Legal aid is not readily available in Zimbabwe and the LRF’s legal services offer relief to the indigent, regardless of gender, political orientation or cultural beliefs, enabling clients to access justice that otherwise would be beyond their reach. The law is complex and people need assistance and advice if they are to access the formal justice system. The LRF, through its permanent offices, mobile legal aid clinics and help desks at magistrates’ courts, most of which are located away from the main cities, provides legal assistance to the marginalised and vulnerable.
The LRF does not have the human resources capacity to appear in court for all its clients but uses its expertise to prepare court papers for the client to use as a self-actor. They are thus empowered to present their case with confidence and obtain judgments in their favour.
Over the past 12 months 6,650 people came to the LRF to seek legal assistance. Sixty one percent of the clients were women and people living outside the metropolitan areas brought 51% of cases handled.
A total of 5,704 cases were resolved. 2,852 went to court as self-actors and 2,005 had their cases resolved satisfactorily within the year.
Taking the law to the people, LRF Mutare Lawyer Christine Sungayi advises
a client at a mobile legal aid clinic
On 19 September 2016, the LRF attended the official opening of Murambinda court under the theme “Access to justice – Your Help Desk” where Deborah Barron, the National Director, gave a speech outlining the predicament self-actors find themselves in and how help desks could address the challenges. On the same day a Memorandum of Agreement was formally signed between the Judicial Service Commission and the five help desk partners: the LRF, Justice for Children, Women and Law in Southern Africa, Zimbabwe Lawyers for Human Rights and Zimbabwe Women Lawyers’ Association. The LRF is taking the leading role in coordinating the Help Desk initiative and in the succeeding months the partners have provided legal assistance to self-actors at 23 courts around the country, reaching on average over 1,100 people per month.
Deborah Barron, National Director, signing the MOU with the JSC
The case of the mentally challenged man
The LRF assisted a 22-year-old young man by facilitating the expeditious examination of his mental capacity. The young man was mentally challenged and faced rape charges made against him. He was remanded in custody to allow for medical examination but there were delays in getting him examined, prompting the accused’s mother to seek the LRF’s assistance. The LRF visited the accused at Whawha prison that same day but, due to his mental condition, ended up taking instructions from the mother. On three occasions the ZPCS medical team promised to fast track the medical examination of the accused but nothing materialised. The LRF Gweru lawyer contacted the psychiatric nurse for Whawha Prison and insisted that it was in the interests of justice that such examination be carried out. LRF efforts yielded results as the medical reports were produced in one day whereas the majority of mentally challenged people take over 6 weeks to be examined, mainly due to lack of legal representation. Within one month of the matter coming to the LRF, the consent of the provincial public prosecutor was given to have the charges withdrawn before plea on the basis that accused was mentally incapacitated and could not go through a trial.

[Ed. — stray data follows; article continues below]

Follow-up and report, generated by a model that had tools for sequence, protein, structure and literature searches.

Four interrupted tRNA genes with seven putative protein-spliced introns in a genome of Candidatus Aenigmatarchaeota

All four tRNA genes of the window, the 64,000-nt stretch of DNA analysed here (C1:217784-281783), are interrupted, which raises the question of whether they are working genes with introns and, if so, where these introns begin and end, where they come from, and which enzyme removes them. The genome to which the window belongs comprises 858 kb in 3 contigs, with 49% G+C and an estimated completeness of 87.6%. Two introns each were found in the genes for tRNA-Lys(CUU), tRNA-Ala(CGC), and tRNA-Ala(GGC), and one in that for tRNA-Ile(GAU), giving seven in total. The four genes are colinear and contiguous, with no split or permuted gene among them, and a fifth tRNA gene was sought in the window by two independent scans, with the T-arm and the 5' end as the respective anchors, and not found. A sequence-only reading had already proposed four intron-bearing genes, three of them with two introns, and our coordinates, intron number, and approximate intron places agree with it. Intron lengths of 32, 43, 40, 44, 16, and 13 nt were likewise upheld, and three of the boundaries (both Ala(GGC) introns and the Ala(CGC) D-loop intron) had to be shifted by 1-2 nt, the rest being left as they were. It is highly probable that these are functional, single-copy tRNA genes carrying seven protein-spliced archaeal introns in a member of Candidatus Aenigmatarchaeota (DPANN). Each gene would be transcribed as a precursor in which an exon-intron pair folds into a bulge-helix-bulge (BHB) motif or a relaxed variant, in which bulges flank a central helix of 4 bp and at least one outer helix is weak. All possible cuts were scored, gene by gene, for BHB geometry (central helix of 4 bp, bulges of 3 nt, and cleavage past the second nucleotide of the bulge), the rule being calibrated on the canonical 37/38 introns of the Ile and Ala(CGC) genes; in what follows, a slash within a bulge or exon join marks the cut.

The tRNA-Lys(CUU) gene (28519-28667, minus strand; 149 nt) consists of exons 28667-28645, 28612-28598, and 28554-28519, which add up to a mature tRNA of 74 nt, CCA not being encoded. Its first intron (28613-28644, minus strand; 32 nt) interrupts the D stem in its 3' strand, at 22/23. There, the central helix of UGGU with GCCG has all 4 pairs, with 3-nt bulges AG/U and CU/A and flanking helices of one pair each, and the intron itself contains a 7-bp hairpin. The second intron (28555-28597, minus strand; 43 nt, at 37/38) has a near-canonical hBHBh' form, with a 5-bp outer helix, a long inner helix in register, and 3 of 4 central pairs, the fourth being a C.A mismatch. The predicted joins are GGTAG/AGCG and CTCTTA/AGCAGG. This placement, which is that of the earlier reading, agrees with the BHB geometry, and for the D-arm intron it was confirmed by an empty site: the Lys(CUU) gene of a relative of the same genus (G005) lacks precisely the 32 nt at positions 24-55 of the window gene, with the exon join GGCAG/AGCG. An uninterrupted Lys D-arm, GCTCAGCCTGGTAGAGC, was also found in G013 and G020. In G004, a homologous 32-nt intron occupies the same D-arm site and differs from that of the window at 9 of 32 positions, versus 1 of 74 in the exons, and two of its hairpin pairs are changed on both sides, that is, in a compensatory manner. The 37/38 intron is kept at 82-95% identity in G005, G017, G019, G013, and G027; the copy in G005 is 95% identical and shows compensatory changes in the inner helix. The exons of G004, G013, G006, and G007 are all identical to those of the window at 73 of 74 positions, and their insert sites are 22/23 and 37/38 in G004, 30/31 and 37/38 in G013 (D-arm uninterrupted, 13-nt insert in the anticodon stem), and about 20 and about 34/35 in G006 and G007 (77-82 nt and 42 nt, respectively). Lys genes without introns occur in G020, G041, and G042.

Orphans denied birth certificates
The LRF assisted two orphaned children who were not able to enrol in school. They were failing to obtain birth certificates because their maternal grandmother was refusing to give them their mother’s death certificate. The LRF wrote a formal letter to the grandmother advising her to cooperate for the best interests of the children at which stage she visited LRF offices and agreed to bring the death certificate. The children then obtained their national documents from the Registrar’s office and subsequently enrolled in school.
The spot fines case
LRF represented Sharon Moffat of the LRF and Claudio M who had had their motor vehicles impounded by the police for failure to pay spot fines. There is no law in Zimbabwe, which empowers the police to impound people’s vehicles if they fail to pay a spot fine. At the hearing of the matter, the police representative produced a docket in which Sharon Moffat was now being accused of committing three road traffic offences, in an attempt to mislead the court as to what had transpired on the day of the impounding. He also produced a vehicle inspection report in which the LRF vehicle was deemed to be un-roadworthy. The inspection however, had been done after the police had been served with the court application. The presiding Judge dismissed the vehicle inspection report and indicated that it was unlawful for the police to compel people to pay spot fines through impounding of their motor vehicles. This case set a precedent that all Zimbabwean citizens can rely on as most were victims of law violations by the ZRP.
The case of children who were denied the right to education
A High School Head Teacher had denied a Form Two child the opportunity to write end of year examinations in 2016 because the child’s father owed school fees to the sum of $240. The LRF wrote to the Ministry of Education and copied the Head Teacher, stating that excluding a child from school because his parents owed money was a violation of the child’s right to education. The child was immediately called back to school and allowed to sit for the examination. A further 25 children in similar circumstances were also allowed to write their end of year examinations. The School Development Committee Chairperson advised LRF: “We acted out of ignorance. May you invite TC’s parents to this office so we can discuss our differences? LRF, we are happy to inform you that Trymore and 25 other children are going to write their examinations.”